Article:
After Darius Rucker sang the National Anthem, which was videotaped, a montage of healthcare workers came on TV screens and over the p.a system to give the command to start engines for the first time in 71 days.
“Man, that is a good sign,” Jimmie Johnson said to his team on the radio after he cranked his engine.
Bowman battled Harvick for two laps after a late restart but Harvick pulled away and went on to score his 50th career victory, tying him with NASCAR Hall of Famers Junior Johnson and Ned Jarrett on the all-time wins list.
A milestone victory, a first win this season, a fifth consecutive top-10 finish. All things to celebrate. Harvick screamed on the radio in celebration and did doughnuts at the start/finish line and then climbed to his car to silence.
“The weirdest part of the day for me was getting out of the car and not hearing anybody cheering,” Harvick said.
After his TV interview, he drove to Victory Lane for a muted celebration.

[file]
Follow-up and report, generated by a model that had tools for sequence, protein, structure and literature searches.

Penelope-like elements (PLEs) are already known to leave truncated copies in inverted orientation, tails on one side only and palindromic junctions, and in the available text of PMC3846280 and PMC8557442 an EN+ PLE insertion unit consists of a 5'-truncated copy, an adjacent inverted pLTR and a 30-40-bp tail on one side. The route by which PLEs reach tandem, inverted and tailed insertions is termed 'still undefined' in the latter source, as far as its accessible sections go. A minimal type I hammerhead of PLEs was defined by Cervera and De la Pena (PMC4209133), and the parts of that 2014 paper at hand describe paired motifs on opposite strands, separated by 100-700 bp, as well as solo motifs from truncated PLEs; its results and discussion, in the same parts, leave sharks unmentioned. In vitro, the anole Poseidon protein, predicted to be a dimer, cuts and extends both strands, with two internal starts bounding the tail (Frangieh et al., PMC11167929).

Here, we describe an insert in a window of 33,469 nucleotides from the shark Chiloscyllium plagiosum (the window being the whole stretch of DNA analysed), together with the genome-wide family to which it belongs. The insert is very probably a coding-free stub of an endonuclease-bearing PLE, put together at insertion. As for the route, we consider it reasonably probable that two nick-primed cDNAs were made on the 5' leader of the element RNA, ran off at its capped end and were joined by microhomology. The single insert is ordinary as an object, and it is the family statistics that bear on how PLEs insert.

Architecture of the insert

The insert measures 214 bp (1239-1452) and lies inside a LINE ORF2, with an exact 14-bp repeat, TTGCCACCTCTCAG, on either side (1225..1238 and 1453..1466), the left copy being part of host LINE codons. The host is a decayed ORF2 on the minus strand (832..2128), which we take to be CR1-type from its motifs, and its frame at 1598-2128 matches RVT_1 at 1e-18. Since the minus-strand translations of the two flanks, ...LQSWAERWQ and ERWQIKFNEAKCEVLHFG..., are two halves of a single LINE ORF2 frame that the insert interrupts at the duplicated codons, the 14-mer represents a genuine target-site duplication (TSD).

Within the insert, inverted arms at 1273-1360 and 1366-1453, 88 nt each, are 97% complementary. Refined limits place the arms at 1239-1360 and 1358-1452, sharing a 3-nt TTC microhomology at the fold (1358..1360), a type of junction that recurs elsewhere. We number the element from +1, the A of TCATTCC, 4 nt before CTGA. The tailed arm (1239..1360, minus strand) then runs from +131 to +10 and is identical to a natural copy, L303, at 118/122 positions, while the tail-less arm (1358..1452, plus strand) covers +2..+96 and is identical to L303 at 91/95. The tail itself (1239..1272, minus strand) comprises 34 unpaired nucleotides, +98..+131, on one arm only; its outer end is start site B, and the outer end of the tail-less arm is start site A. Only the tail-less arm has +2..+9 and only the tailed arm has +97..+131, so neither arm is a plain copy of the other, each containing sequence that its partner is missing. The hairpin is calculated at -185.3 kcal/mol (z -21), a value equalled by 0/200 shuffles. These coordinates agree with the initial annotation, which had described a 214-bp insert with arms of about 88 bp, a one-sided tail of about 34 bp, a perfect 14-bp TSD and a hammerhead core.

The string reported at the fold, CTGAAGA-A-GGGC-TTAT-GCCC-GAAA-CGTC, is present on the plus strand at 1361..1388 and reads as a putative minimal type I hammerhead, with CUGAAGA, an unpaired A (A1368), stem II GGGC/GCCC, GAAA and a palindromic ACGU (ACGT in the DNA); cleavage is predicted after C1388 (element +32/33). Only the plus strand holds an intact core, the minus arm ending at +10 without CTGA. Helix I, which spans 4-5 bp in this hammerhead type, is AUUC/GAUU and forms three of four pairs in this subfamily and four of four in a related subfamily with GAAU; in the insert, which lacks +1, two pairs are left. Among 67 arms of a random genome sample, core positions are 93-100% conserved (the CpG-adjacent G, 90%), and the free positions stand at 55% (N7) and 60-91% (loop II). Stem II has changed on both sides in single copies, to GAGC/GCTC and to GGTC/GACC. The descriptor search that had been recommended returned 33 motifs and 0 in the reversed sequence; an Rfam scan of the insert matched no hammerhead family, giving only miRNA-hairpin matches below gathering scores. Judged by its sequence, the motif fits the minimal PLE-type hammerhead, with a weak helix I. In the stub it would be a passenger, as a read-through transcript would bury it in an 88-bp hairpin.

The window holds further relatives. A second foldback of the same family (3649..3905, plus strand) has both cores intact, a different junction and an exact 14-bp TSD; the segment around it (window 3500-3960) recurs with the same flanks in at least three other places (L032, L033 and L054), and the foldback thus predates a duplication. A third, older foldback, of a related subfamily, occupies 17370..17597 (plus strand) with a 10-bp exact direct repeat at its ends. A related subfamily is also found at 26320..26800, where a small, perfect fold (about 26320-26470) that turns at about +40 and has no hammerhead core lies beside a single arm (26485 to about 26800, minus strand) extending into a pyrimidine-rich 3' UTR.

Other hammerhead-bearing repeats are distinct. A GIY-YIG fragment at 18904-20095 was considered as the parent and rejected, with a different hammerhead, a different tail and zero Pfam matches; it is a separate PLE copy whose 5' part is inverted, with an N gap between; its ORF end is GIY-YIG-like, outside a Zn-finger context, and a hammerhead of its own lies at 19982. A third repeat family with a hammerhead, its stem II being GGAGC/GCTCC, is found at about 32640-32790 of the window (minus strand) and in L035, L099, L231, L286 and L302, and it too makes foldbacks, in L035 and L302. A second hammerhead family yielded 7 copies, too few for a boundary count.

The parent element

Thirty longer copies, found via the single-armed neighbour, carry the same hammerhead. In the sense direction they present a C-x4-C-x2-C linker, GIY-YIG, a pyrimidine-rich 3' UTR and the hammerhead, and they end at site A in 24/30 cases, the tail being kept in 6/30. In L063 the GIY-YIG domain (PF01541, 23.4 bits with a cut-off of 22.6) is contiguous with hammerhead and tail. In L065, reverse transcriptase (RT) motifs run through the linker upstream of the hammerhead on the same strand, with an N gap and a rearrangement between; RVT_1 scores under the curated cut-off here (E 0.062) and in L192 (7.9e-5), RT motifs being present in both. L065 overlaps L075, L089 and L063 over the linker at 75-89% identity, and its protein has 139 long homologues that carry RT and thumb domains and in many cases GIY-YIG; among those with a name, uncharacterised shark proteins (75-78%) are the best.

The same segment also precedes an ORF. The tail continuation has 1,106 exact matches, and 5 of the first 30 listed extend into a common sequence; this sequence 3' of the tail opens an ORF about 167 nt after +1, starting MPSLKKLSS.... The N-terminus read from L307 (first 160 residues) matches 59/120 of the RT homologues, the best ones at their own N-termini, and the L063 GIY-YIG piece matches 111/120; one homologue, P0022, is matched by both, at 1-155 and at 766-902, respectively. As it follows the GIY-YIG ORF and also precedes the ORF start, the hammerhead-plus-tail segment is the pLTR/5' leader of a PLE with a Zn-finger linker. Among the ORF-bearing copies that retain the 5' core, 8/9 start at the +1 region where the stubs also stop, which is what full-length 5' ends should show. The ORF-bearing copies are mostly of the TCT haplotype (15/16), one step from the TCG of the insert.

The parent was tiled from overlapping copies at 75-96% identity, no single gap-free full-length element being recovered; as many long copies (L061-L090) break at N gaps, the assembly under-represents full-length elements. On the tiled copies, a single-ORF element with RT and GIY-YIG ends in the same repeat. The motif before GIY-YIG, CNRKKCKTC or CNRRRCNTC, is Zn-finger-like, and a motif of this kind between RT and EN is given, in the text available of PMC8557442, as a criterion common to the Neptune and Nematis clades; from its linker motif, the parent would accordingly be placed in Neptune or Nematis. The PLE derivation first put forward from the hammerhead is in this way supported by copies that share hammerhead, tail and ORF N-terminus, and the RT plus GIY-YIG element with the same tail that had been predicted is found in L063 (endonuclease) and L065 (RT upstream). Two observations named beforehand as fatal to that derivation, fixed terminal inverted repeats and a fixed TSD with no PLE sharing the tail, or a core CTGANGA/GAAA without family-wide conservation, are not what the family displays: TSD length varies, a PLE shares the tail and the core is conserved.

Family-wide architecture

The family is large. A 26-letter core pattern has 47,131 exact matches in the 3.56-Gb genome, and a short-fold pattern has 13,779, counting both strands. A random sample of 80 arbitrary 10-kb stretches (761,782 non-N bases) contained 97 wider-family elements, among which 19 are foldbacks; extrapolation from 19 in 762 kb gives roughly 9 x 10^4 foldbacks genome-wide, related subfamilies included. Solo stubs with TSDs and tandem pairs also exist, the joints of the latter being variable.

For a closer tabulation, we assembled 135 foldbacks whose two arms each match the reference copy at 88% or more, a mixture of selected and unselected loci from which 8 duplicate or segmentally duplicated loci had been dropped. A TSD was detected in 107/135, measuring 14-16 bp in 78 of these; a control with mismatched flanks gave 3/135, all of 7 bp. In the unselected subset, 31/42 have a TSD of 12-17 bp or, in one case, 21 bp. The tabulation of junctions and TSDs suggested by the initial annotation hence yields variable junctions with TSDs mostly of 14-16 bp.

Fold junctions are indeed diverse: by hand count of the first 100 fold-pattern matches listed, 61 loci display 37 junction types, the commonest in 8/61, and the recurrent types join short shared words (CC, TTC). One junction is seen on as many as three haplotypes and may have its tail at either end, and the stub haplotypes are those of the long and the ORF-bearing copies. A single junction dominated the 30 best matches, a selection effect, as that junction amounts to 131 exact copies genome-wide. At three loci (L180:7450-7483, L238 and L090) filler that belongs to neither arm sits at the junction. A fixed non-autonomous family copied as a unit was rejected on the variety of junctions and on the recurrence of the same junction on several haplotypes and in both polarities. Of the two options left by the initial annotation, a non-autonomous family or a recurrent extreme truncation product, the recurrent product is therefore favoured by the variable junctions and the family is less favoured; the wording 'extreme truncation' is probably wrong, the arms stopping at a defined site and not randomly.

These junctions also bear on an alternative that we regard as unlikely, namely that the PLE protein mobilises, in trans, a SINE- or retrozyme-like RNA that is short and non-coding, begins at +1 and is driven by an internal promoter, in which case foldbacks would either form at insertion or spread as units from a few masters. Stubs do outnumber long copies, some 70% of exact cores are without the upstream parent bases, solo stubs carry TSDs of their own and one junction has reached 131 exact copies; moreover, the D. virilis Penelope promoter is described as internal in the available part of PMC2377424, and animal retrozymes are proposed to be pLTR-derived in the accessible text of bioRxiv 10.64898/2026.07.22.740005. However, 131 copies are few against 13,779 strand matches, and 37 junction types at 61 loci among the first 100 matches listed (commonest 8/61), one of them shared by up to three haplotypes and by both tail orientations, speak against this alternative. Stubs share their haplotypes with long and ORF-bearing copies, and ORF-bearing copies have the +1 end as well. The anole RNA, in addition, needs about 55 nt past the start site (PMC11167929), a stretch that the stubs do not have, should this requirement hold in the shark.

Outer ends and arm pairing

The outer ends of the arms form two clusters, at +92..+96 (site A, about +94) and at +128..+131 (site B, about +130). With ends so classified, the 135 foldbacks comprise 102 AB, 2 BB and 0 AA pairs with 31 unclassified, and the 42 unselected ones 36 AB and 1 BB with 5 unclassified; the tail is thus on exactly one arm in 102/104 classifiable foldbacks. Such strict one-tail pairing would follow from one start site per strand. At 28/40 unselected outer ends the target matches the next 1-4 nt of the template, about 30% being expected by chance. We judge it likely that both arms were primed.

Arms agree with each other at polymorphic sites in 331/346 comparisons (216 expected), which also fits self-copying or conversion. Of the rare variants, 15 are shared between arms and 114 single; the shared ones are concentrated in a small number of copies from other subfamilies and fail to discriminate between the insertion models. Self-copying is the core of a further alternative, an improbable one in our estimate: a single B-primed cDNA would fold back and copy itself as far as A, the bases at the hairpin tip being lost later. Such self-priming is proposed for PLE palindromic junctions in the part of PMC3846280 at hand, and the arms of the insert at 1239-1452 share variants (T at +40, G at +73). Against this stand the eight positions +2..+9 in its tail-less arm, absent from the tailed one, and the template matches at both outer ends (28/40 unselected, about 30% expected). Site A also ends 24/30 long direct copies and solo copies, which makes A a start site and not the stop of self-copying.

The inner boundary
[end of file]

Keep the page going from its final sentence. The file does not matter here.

“There were two photographers there, no team guys,” Harvick said. “I was able to kind of get my team guys a nice little elbow bump there as I left Victory Lane, tell them great job. Those guys didn’t get a chance to take a picture with their car. Just a lot of sacrifices that go into it.
“But in the end, in the big picture of things, being able to do what we did today, and that’s race, is what everybody wants to do.”
Roger Penske, the owner of IndyCar and Indianapolis Motor Speedway, believes “you’re going to see more” NASCAR/IndyCar doubleheaders in the future.
Penske’s comments Thursday on NBCSN’s “Lunch Talk Live” represent just how quickly the idea of doubleheaders with NASCAR and IndyCar has taken hold over the last two years, resulting in the first doubleheader scheduled for July.
In November 2018, NASCAR President Steve Phelps thought the prospect of an IndyCar/NASCAR doubleheader “would be a good show. We would have to figure out how that works.”